During the Civil War, cooperation arose between Israel and the Phalanges and the National Liberal Party who allied with each other against their common Palestinian enemy. The Palestinian-Israeli hostilities continued to play themselves out on the Lebanese territory and set the path for an all-out invasion of Lebanon in 1982.

1982 Invasion

Amid rising tensions, a Palestinian group affiliated with the Revolutionary Council led by Abou Nidal plotted an assassination operation against Israel’s Ambassador to the UK, Shlomo Argov. Wounded Argov was transferred to Israel for treatment, but had a cardiac arrest and remained in coma until his death in February 2003. The assassination constituted a typical pretext for an Israeli invasion, initiated on June 6, 1982 and called the Operation Peace for Galilee in order to ward off the Palestinian threats from its borders and secure the safety of Galilee. Against the absence of a real resistance, Israeli troops expanded their military activities until they reached Beirut where they expelled Palestinian gunmen, thus tightening their control over Lebanon with the exception of the north and the Beqa’a.

Gemayel’s Election

The presidential term of Elias Sarkis was about to end on September 23, 1982. Bachir Gemayel was running for President but had little chance of success. However, the Israeli invasion made his election possible and preparations kicked off to convince opposing MPs to show up and secure quorum during the election session. The then Speaker of Parliament, Kamel El-Assaad, played a critical role in setting up the session amid an international consent to Gemayel’s election.

The choice fell eventually on the Fayyadiyeh Military Academy as a venue for the election session scheduled on August 23, 1982. The session was boycotted by the majority of Muslim MPs who deemed the election of the leader of the strongest Christian militia a challenge to them.

The session commenced at 1:30 pm on Monday, 23rd of August, after it was delayed by a few hours to obtain a quorum of 62 deputies. 30 deputies refrained from attending and 7 were deceased. The two-thirds quorum was determined by the number of the living MPs (92) rather than by the whole House of Representatives (99).

The MPs, who boycotted the session, were distributed by sect as follows:

  • 14 Sunni MPs out of 19 (excluding the deceased MP Mershed Ahmad): Saeb Salam, Jamil Kebbi, Zaki Mazboudi, Rashid Solh, Nazih El-Bezri, Saleh Al-Kheir, Amin Al-Hafez, Hassan Al-Mays, Hassan Al-Rifaei, Nathem Al-Qadiri, Hachem Al-Husseini, Abdul Majid Al-Rafei and Zaher Al-Khatib.
  • 6 Shia’a MPs out of 18 (excluding the deceased MP Sabri Hamadeh): Ali Al-Khalil, Mohammad Youssef Baydoun, Adul Latif Baydoun, Hussein Al-Husseini, Abdul Mawla Amhaz and Ahmad Esbor.
  • 5 Greek Orthodox MPs out of 11: Albert Mkhaiber, Najah Wakim, Bakhos Hakim, Abdallah Al-Rassi and Mounir Abou Fadel.
  • 1 Greek Catholic MP out of 6: Albert Mansour.
  • 1 MP representing minorities: Farid Joubran.
  • 2 Druze MPs out of 4 (excluding the assassinated MP Kamal Jumblat and the deceased MP Bahij Takieddine): Toufic Assaf and Salim Daoud.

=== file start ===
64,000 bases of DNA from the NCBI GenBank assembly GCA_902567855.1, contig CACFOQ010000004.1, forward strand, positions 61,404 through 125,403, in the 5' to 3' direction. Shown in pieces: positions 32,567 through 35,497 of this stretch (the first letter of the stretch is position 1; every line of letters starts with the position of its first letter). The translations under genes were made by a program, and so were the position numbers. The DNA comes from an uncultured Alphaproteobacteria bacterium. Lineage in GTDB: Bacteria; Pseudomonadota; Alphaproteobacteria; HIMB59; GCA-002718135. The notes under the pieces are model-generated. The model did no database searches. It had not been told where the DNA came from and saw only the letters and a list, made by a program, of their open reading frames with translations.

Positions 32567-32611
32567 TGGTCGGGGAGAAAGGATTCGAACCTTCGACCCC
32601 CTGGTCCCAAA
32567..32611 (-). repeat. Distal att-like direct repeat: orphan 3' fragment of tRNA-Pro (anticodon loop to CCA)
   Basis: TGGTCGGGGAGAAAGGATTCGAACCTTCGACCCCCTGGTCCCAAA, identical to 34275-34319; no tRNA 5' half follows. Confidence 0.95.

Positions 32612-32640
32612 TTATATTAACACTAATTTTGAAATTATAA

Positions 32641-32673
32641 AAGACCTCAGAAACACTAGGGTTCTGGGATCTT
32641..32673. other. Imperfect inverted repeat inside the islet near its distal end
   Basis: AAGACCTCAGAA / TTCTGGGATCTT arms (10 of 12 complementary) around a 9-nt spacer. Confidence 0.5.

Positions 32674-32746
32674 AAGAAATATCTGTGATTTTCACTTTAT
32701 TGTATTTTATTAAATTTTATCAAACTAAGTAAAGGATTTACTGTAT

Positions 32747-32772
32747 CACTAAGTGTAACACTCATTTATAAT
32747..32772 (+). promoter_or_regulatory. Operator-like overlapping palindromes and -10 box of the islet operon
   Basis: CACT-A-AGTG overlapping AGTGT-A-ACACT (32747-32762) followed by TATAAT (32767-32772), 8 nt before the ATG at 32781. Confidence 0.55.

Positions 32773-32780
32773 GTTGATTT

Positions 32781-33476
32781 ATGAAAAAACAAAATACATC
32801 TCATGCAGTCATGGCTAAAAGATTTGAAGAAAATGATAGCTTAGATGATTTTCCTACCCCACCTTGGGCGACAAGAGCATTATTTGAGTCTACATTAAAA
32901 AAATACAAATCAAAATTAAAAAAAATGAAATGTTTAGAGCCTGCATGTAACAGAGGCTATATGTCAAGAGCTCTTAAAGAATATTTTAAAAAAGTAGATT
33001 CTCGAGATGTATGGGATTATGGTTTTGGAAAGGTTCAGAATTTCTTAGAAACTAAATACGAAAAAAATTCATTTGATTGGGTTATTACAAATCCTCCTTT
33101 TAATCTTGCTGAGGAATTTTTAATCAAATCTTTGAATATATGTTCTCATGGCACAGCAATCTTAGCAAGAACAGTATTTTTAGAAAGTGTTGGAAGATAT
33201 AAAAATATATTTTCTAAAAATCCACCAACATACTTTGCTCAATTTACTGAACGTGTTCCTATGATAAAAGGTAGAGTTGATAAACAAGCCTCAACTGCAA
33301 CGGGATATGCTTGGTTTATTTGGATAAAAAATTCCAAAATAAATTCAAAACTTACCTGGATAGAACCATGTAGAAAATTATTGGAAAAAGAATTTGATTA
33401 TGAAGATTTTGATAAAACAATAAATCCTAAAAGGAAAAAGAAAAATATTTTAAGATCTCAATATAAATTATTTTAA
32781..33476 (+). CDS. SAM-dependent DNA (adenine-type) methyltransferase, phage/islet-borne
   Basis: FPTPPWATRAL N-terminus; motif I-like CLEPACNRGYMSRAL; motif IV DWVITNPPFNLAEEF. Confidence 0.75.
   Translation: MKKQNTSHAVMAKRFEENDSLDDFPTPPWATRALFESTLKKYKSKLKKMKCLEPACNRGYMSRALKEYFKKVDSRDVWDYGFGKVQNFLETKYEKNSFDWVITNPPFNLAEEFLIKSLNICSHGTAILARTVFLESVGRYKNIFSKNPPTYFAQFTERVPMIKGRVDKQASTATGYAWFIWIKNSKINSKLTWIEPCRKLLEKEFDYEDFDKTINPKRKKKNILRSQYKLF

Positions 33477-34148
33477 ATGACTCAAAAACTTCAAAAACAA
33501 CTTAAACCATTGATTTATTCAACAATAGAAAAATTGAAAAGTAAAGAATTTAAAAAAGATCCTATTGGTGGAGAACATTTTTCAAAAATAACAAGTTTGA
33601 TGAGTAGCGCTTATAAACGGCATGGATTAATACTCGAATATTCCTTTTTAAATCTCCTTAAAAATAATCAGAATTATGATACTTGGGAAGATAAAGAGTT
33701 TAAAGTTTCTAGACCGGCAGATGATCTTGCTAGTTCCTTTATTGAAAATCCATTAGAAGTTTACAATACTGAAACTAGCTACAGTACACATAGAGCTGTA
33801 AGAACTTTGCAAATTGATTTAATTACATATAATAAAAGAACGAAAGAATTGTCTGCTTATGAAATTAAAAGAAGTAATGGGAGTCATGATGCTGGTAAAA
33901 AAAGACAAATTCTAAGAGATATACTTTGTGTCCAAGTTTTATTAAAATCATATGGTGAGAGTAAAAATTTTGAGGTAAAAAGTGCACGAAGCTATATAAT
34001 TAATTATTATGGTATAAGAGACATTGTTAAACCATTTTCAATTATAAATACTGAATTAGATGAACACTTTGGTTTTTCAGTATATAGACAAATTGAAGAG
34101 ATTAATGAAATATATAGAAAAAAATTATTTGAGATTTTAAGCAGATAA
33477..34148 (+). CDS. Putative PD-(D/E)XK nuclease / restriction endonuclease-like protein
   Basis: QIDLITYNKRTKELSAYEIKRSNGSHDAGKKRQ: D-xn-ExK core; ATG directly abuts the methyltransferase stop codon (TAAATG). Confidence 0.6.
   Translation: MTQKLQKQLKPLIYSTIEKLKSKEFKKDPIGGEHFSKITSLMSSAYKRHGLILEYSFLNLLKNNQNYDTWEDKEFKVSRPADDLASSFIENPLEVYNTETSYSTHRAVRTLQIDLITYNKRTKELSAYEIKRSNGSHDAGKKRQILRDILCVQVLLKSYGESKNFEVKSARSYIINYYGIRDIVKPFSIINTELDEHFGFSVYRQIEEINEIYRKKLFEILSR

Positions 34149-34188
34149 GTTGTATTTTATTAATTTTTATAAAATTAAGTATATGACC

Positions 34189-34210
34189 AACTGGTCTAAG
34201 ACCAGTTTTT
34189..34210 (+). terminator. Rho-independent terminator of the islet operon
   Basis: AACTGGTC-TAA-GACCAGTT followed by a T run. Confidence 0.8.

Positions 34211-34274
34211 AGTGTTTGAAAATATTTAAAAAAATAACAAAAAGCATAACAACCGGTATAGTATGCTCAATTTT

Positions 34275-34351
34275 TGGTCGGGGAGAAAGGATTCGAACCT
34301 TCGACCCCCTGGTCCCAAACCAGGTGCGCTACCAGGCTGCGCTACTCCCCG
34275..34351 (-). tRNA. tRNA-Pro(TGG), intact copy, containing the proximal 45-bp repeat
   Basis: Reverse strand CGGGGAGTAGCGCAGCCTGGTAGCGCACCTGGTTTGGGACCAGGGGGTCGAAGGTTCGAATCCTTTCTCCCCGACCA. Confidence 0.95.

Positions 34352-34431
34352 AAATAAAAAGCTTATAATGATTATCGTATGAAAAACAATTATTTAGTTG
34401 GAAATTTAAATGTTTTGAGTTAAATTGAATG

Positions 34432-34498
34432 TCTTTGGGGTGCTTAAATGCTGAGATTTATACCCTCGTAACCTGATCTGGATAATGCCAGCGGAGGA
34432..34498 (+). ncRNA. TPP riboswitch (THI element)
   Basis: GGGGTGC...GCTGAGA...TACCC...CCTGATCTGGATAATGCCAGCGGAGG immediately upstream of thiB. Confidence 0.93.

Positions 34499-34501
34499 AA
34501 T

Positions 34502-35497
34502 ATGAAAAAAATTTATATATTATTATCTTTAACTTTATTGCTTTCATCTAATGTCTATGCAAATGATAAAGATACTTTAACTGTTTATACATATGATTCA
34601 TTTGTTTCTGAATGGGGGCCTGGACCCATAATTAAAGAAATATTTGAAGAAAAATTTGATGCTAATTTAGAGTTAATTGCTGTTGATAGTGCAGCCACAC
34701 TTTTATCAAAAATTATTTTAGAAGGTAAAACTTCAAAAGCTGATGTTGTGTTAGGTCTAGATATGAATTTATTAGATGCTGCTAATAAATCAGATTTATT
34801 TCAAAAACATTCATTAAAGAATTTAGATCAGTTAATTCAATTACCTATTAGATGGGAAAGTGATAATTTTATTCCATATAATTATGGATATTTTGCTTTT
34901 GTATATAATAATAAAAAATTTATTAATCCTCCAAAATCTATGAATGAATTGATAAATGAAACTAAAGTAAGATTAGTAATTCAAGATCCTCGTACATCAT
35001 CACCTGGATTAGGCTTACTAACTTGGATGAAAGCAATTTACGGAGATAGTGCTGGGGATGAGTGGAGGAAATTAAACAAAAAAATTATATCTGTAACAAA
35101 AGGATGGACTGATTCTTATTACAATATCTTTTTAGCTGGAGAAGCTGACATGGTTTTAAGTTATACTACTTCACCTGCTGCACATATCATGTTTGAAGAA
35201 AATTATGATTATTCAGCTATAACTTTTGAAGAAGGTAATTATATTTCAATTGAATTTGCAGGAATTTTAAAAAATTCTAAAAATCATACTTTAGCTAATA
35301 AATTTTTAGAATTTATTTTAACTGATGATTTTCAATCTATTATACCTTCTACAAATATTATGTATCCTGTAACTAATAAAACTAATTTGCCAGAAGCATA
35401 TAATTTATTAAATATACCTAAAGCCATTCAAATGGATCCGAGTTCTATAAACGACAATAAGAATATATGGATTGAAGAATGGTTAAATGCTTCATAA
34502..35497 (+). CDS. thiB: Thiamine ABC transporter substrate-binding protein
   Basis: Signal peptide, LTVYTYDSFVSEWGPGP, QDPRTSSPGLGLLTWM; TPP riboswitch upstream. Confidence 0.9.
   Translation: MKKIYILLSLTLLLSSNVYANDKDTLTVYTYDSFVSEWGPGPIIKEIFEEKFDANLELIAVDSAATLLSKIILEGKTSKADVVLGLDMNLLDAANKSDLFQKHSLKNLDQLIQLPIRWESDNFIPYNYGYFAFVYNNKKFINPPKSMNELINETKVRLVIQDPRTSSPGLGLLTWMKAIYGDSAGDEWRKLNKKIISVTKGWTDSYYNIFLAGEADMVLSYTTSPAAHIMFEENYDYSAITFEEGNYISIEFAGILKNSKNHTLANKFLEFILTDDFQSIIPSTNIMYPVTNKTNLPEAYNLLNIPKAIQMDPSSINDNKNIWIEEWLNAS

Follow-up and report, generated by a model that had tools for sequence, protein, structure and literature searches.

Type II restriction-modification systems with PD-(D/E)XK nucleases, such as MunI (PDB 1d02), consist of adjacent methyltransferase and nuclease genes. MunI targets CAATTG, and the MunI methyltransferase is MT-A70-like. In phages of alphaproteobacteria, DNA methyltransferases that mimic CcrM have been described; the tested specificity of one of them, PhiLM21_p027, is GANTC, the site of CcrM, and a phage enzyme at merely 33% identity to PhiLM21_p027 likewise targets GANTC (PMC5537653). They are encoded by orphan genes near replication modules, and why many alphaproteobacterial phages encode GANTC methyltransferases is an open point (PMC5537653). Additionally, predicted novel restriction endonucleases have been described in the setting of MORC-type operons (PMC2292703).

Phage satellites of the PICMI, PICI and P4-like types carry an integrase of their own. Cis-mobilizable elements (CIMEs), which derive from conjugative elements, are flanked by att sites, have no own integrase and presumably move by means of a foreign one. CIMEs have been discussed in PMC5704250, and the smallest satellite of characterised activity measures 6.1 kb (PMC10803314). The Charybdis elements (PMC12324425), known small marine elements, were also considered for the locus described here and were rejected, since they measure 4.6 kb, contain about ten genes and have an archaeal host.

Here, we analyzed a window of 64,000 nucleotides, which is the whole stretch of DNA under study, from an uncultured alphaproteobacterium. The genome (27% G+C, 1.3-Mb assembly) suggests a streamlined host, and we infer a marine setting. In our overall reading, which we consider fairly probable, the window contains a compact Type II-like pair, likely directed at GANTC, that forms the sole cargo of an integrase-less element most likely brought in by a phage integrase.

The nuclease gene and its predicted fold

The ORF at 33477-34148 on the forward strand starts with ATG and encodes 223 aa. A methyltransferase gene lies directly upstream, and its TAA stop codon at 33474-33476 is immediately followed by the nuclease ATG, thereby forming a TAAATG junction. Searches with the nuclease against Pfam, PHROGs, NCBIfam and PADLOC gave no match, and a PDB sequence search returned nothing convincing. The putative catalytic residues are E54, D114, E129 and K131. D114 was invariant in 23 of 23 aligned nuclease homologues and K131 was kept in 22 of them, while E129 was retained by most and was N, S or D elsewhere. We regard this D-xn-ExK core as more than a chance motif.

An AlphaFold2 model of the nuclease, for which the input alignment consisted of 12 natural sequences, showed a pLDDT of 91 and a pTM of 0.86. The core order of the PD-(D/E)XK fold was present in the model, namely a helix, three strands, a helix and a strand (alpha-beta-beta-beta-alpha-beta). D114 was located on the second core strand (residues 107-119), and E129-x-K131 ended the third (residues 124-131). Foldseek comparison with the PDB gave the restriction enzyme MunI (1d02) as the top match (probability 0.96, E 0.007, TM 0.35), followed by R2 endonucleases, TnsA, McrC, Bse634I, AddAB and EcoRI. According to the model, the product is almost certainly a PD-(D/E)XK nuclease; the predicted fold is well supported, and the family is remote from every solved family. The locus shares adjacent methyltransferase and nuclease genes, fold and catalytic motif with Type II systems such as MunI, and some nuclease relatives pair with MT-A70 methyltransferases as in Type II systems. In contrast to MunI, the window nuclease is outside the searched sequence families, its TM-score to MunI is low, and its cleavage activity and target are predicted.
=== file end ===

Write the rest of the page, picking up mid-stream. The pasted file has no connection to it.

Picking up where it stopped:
• 1 Maronite MP out of 28 (excluding the assassinated MP Tony Frangieh and the deceased MP Aziz Aoun): Raymond Eddeh.

Those who attended were predominantly Maronite and the other attendants’ sectarian make-up was as follows:

  • 5 Sunni MPs: Othman Al-Dana, Suleiman Al-Ali, Abdo Oueidat, Mouneef Al-Khateeb and Talal Mere’bi.
  • 12 Shia’a MPs: Kamel El-Asaad, Sobhi Yaghi, Hussein Mansour, Mahmoud Ammar, Adel Osseiran, Abdul Latif Zein, Rafiq Chahine, Anwar Al-Sabah, Kathem Al-Khalil, Youssef Hamoud, Hamid Dakroub and Ali Al-Abdallah.
  • 6 Greek Orthodox MPs: Maurice Fadel, Michel Sassine, Raef Samara, Salim Maalouf, Michel Maalouli and Nicolas Ghosn.
  • 5 Greek Catholic MPs: Rashed Al-Khoury, Salem Abdul Nour, Nassri Maalouf, Nadim Salem and Joseph Skaff.
  • 27 Maronite MPs: Emile Rouhana Sakr, Pierre Helo, Boutros Harb, George Saadeh, Habib Kairouz, Chafiq Badr, Tarek Habshi, farid Serhal, Pierre Dakash, Fouad Al-Thineh, Samaan Al-Doueihi, Nadim Neim, Auguste Bakhos, Fouad Nafaa, Pierre Gemayel, Amine Gemayel, Camille Chamoun, Edward Hnein, Fouad Lahoud, Louis Abou Sharaf, Edmont Rizk, Elias El-Hrawi, Michael El-Daher, René Mouawad, Jobran Tawq, Maurice and Elias Al-Khazen.
  • 2 Druze MPs: Bachir El-Awar and Mir Majid Erslan.
  • 4 Armenian Orthodox MPs: Khatchig Babikian, Sorin Khan Amirian, Malkun Eblighatian and Ara Yervanian.
  • 1 Evangelical MP: Antranik Manoucian.
  • No Armenian Catholics attended the session after the death of Joseph Chader.


During the first round, 3 MPs cast white ballots and Bachir Gemayel failed to amass the two-thirds quorum, gaining 58 votes against 1 for Raymond Eddeh. Therefore, a second round was held whereby Gemayel received 57 votes and was elected President. 5 white ballots were found in the second round.

Some of the parties viewed the election of Bachir Gemayel under the Israeli presence in the country a victory for one Lebanese group over the other, despite the open statements and stances by Gemayel, which asserted his rejection of factious divisions and his support for all the Lebanese equally. However, the regional and international conflict that unfolded on Lebanon’s territory and facilitated the victory of Gemayel, cut both ways and lead to his assassination 23 days after his election and 9 days before his assumption of office in a bomb blast carried out by Habib Al-Shartouni under the command of Nabil Al-Alam, a senior official at the Syrian Social Nationalist Party. Syria and the Palestinian official, Abou Iyad, gave Gemayel’s assassination order.

Today, 31 years after the assassination, the mystery that surrounds Gemayel’s election and assassination remains unsolved.